The purpose of this paper is to emphasize that procedural justice has a contribution to parent‐subsidiary links within multinational enterprises (MNEs).
A mailed survey is adopted in this study. A total of 152 valid and complete questionnaires were returned from the respondents. Structural equation modeling and Chow test are used in this research paper.
Based on structural equation modeling, three significant dimensions of the parent‐subsidiary links are found to contribute to the financial performance of the subsidiaries (resource commitment, information flow, and control flexibility). Based on Chow test, these dimensions can lead to better financial performance under greater procedural justice in the decision‐making processes of MNEs.
This study only collected information from Taiwanese multinational firms in East Asia and the Pacific countries, including China, Indonesia, Malaysia, Philippines, Thailand and Vietnam. Generally, these regions are the emerging market, with structurally volatile but fast‐growing economies. In addition, further studies can extend the research to other countries. Environmental interferences, such as culture and legal rules, were not considered in this study.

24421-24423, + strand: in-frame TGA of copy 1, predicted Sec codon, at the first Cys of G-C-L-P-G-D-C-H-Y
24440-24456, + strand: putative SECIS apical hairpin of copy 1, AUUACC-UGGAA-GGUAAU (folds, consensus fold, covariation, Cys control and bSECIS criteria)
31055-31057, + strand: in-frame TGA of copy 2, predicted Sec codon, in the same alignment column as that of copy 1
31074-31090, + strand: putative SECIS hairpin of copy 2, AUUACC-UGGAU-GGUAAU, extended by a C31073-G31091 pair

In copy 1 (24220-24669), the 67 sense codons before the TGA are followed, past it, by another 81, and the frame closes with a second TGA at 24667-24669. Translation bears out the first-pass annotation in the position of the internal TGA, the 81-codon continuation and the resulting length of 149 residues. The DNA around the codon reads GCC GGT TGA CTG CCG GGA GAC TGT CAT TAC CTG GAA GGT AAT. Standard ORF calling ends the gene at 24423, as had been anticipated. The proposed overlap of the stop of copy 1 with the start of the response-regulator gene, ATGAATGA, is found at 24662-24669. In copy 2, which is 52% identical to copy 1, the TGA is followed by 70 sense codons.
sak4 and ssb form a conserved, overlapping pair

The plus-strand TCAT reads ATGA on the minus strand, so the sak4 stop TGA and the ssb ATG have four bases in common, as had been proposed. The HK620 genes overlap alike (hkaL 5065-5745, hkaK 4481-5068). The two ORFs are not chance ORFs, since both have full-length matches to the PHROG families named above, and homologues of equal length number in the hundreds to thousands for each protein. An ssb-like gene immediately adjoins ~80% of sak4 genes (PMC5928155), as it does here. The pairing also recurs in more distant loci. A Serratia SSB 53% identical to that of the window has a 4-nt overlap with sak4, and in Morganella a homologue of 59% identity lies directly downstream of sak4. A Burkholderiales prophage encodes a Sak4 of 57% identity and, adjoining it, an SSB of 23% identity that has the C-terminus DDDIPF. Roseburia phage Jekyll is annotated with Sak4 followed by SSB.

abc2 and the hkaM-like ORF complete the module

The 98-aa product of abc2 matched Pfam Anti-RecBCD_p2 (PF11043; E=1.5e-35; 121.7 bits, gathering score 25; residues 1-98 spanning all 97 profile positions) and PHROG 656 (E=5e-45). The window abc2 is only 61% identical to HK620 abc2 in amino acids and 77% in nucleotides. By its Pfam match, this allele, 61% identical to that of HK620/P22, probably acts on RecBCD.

In reality, although the due process is sometimes neglected because of time limitations or lack of patience, superior managers still should pay more attention to the processes of strategic decision making to keep the procedure fair and transparent.
This paper underlines the importance and value of the procedural justice in MNE management. The exercise of the procedural justice motivated subsidiary managers to aim for better financial performance with voluntary effort and their best ability.
Chiang, C., Chang, S., Hsu, Y. and Wang, Y. (2008), "Parent‐subsidiary links under procedural justice in the emerging market", International Journal of Commerce and Management, Vol. 18 No. 1, pp. 60-76. https://doi.org/10.1108/10569210810871498Download as .RIS
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